If you know me or have visited my store on teacherspayteachers, you know I write a book for EVERYTHING even math. When I was teaching in an autism classroom, I loved starting my lessons with a book, and so did my students. Of course, I had a hard time always finding a book that was at an appropriate level for my students, but it got to the point I could write one up in about 20 minutes. So, I wanted to share some reasons why this is such an effective strategy for starting your math lesson as well as some FREEBIES at the end so you can give it a try yourself.
Predictable, Calming, and Repetition
We know students with disabilities struggle with unstructured time as well as an inconsistent flow to the day. Starting your math lesson with a story is a great way to cue your students that there is a change in subject matter, and it gives them time to settle in. Reading can be a calming routine especially when it is paired with engaging pictures and simple language.
If you had kids yourself who liked to watch Nickelodeon, you may have noticed that the same episode of Blue’s Clues would run every day for 5 days. That was not a way for the network to save money. It was actually based on research! There was a study done by the creators of Blue’s Clues (click here for the link) that demonstrated typical children need to see and hear subject matter about 5 times before they begin to internalize the material and make those personal connections. I had heard that in a training early in my teaching career, and it totally made sense. So, I decided I would use the same book to start my math lesson for 5 days. On day 1, many of the kids were fiddling with toys, falling out of their chairs, and seeming to not even hear me reading. But, by the end of the week, many were chiming in and following along. It took that much consistency to get their attention. Of course, by mid-year, they were following along much more quickly, but I always kept the same book for 5 days.
When you read a story, it is a perfect time to work in some of those IEP goals and gather data. My assistant and myself always had our clipboards with the IEP goals for each student with us. That way as I was reading I could work in lots of “wh” questions as well as measure and track level of engagement. Of course, as these stories were dealing with math content I had lots of opportunities to work on counting, identifying numerals, size, and other topics that were addressed on individual IEPs.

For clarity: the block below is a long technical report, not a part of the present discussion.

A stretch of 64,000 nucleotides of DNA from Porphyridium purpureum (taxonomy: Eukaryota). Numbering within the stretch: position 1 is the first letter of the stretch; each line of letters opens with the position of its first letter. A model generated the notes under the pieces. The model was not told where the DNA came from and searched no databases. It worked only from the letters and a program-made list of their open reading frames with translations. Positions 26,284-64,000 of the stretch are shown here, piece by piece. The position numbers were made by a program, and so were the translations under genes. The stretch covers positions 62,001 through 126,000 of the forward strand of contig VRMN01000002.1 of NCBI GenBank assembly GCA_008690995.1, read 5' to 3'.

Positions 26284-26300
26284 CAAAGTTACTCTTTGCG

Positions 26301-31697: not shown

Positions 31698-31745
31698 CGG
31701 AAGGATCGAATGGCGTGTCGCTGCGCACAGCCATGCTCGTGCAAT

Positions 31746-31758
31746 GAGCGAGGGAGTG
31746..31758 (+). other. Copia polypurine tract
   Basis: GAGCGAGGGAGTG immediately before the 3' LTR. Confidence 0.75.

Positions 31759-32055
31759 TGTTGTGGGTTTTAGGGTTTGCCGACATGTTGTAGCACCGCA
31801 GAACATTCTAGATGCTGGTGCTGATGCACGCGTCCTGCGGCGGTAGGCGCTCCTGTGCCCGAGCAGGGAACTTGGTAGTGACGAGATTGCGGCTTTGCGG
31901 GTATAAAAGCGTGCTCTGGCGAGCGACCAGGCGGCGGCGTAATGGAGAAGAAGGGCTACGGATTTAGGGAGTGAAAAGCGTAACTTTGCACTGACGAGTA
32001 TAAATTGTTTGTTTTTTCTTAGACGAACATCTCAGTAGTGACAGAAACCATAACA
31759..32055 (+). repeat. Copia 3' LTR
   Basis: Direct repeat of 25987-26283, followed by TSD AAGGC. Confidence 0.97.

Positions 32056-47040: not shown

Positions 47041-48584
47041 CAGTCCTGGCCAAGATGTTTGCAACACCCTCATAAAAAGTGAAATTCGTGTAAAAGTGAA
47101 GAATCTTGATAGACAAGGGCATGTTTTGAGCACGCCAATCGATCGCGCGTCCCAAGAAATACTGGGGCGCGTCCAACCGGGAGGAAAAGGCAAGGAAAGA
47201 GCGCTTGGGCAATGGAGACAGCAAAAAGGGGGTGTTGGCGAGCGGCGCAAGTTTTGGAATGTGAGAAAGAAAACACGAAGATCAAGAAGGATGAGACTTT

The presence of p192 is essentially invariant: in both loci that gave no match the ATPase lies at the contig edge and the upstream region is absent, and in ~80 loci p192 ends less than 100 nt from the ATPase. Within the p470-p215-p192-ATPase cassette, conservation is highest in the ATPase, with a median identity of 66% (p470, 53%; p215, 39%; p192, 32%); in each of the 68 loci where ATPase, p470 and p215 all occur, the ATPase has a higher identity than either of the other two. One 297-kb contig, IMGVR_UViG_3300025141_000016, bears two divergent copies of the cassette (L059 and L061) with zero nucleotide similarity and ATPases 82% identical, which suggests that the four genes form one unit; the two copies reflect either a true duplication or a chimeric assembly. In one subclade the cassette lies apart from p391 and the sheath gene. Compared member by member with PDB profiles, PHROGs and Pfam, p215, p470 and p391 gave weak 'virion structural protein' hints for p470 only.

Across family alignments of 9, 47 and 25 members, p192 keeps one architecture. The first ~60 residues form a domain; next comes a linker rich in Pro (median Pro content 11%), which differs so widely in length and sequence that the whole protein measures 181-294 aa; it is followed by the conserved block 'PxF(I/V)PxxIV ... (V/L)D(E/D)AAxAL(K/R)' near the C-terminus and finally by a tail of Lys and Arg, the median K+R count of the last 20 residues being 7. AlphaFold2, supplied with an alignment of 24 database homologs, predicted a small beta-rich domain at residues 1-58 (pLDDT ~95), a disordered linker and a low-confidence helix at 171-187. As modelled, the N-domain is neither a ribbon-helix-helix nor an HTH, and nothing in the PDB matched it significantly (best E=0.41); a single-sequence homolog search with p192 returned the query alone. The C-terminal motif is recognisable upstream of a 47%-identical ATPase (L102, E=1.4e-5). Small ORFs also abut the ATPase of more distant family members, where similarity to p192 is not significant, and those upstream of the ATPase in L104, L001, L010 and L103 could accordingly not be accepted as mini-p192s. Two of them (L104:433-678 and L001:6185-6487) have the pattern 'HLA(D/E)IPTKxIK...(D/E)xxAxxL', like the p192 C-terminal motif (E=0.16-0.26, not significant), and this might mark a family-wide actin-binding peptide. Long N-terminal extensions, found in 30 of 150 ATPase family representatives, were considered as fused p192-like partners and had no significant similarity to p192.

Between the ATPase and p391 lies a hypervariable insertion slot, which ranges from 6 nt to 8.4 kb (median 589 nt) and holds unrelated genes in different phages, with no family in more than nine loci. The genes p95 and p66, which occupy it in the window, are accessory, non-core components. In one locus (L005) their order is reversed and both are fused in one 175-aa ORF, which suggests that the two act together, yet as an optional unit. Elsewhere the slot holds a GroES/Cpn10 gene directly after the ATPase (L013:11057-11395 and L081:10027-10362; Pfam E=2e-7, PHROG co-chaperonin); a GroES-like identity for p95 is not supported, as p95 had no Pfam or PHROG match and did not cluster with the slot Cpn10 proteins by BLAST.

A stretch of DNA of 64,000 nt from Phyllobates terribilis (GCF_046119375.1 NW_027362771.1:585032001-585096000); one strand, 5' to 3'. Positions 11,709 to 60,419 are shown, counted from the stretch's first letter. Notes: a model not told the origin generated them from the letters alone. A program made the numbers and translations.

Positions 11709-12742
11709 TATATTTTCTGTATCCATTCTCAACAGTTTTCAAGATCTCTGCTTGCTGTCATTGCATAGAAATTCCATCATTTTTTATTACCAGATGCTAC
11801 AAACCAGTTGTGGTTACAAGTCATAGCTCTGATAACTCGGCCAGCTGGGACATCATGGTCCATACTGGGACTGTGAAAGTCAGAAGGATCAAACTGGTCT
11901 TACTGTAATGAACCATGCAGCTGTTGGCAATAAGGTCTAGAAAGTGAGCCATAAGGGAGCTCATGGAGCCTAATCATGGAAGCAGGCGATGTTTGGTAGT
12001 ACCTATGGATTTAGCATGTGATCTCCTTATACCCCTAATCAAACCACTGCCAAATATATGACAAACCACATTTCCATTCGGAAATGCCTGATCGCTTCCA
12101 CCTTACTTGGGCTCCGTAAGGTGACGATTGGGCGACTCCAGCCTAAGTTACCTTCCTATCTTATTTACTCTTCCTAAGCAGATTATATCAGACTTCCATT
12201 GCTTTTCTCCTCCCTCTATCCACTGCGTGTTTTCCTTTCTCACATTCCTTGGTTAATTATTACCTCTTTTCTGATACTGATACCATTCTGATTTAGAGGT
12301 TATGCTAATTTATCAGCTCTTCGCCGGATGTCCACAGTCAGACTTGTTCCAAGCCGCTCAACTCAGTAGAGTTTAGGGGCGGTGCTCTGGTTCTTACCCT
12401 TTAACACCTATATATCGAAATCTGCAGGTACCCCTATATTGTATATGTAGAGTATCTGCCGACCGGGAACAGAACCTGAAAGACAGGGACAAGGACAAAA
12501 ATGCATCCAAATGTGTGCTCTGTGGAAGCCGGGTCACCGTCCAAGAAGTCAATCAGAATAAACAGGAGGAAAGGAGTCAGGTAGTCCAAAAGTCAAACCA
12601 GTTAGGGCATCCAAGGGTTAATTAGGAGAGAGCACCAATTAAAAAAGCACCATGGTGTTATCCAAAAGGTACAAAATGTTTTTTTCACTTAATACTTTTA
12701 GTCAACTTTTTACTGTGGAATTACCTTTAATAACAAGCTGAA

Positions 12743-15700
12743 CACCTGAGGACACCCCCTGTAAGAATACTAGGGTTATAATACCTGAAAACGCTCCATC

Students with disabilities, especially autism, have a lot of difficulty generalizing information they have learned to new situations. This is very true of math. I often had a student that could count an array of objects as long as they were in a straight line. But show them a picture with a group of puppies, and they were totally unable to count them. Very, very typical and very challenging as a teacher. You think your student has mastered a skill, but when you attempt it in a more real-life situation, and they seem to have no clue what to do. Pulling literacy into your math lessons is the PERFECT way to work on some of these generalization skills. It forces you as a teacher to present math in a less traditional format. While keeping IEP data, I would have different codes if a student was successful at a skill in a traditional format or was successful in a new, more generalized format. It was a great way to ensure I continued working on skills I thought the student has mastered until I could prove they could do it across environments, people, and material or stimuli.
Typical Math Lesson
So, what would a typical math lesson look like in my classroom which consisted of students kindergarten through 5th grade with significant autism? The lesson would be about 30 minutes.
- 5 min : Counting or other math song
- 5 min : Read a math story
- 10 min : Group activity using manipulatives
- 5 min : Individual work (This usually meant that my assistant and myself would have to help students one on one to complete a product for the parent to see what we are working on and for me to keep as a data point. While helping one student, the other students were given access to the book for the week, previous math stories or other math manipulatives. This would keep them engaged with appropriate materials while we were focused on other students. They actually loved “reading” these books on their own.)
- 5 min : Math game
Reading a story to start your math lesson has many benefits. Students find it calming and predictable, you can gather IEP data and generalize skills to make more personal connections, and the repetition reinforces the math concepts you are currently trying to teach.
Below are some free stories I have used in the past. Click on the buttons below to download them for free. If you find this strategy works for you, try writing your own stories. It is quick and easy to do!